The Square Mile enjoys 'unfettered and unmonitored' access to senior politicians and civil servants, campaigners claim
'We have Nick Cave and the Bad Seeds' Push The Sky Away on vinyl pretty much on rotation right now. Sublime.'
David Cameron has branded the Labour Party’s tax policy “nuts”, warning that it would drive business out of Britain and hamper the economic recovery.
A sideways look at the world of music
Actress Anna Chancellor, who starred in axed BBC drama The Hour, has spoken of her hopes that the period drama could return for a one-off special.
The Village star John Simm has admitted that he is fed up with the attention he gets from Doctor Who fans.
Pianist Lucy Parham is practiced at presenting composers’ lives in words and music with the aid of actors, and Debussy is her latest. Not such an easy nut to crack as Schumann – no equivalent of the Robert-and-Clara household diaries – but as a letter-writer Debussy held forth with an engaging blend of pride and prejudice, hedonism and misanthropy.
Lyrical and sublime, Butterworth’s triumph is the hottest ticket in town
Evocative design, sexual politics, media buzz – but the creator and cast of The Hour tell Gerard Gilbert that they aren't just jumping on the 1950s bandwagon
Dominic West, star of hit US drama The Wire, will take on the iconic title role of the rapier-tongued lecturer in a major new revival of Simon Gray’s Butley.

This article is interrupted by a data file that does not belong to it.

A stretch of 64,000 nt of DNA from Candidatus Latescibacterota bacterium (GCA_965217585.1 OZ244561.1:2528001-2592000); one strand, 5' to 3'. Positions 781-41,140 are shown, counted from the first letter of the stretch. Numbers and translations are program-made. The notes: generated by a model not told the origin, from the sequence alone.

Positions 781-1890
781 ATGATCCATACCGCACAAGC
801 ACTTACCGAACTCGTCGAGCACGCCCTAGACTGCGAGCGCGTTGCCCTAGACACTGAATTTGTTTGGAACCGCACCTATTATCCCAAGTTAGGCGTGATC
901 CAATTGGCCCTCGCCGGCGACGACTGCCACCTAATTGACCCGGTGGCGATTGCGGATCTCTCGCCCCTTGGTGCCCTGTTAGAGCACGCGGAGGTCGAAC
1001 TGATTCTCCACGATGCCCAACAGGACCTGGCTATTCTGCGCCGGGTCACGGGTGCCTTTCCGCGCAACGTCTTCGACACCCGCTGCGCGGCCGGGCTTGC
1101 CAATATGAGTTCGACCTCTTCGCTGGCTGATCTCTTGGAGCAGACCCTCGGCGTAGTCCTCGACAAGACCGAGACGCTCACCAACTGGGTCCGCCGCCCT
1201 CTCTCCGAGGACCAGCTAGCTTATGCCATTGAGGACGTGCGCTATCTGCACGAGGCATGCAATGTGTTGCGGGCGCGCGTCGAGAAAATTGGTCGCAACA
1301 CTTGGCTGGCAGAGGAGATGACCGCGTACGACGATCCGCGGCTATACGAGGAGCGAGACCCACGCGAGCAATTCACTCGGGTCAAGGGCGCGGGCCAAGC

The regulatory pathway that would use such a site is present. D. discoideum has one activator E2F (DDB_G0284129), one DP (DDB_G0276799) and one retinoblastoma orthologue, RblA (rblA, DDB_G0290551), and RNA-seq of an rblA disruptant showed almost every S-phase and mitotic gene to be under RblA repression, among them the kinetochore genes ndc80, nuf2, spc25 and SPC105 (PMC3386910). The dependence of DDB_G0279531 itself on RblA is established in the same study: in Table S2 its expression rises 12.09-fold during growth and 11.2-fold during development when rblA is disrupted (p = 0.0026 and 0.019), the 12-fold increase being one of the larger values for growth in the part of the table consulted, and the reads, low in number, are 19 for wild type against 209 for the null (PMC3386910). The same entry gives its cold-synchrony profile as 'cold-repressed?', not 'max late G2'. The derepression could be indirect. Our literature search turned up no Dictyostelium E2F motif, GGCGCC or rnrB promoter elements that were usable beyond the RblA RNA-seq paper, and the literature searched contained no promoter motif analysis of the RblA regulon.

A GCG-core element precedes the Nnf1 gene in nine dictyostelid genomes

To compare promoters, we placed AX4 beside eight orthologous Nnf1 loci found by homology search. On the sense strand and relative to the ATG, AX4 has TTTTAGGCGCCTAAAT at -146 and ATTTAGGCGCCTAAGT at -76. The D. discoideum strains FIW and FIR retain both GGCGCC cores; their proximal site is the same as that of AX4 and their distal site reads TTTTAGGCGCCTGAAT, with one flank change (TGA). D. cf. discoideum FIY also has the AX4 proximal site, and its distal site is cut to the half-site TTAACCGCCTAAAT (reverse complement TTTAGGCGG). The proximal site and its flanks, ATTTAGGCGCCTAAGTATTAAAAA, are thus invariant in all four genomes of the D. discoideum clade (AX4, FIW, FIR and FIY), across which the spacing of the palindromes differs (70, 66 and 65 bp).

The Wire made him everyone’s favourite baddie, Luther, everyone’s favourite cop. Tim Walker meets the master of modern crime drama
Musical ducking and diving in the heart of New Orleans should have been action-packed, but it takes a model agency to make things happen too fast
Jon Hamm sparkles in Mad Men but falls flat on the big screen. He's not the only one to fail at the cinema, says Ben Walsh
One way of describing Baltimore among the great cities of the north-eastern US seaboard is by making clear what the place isn't. It has none of New York's size and cultural flash. It doesn't have Boston's conceits, or Philadelphia's chip on the shoulder. It is mercifully free of the self-importance of Washington DC, 40 miles and half a universe away to the southwest. On the other hand, it has everything – including its own resident muse.
He may have retired from acting, but Gene Hackman isn't about to go gentle into that good night. Since his final film, 2004's less-than-welcome Welcome to Mooseport, the star, now 80, has been at his desk writing. Hackman has announced that his first solo novel, a Western called Jubal's Bounty, is to be published by Simon & Schuster next summer.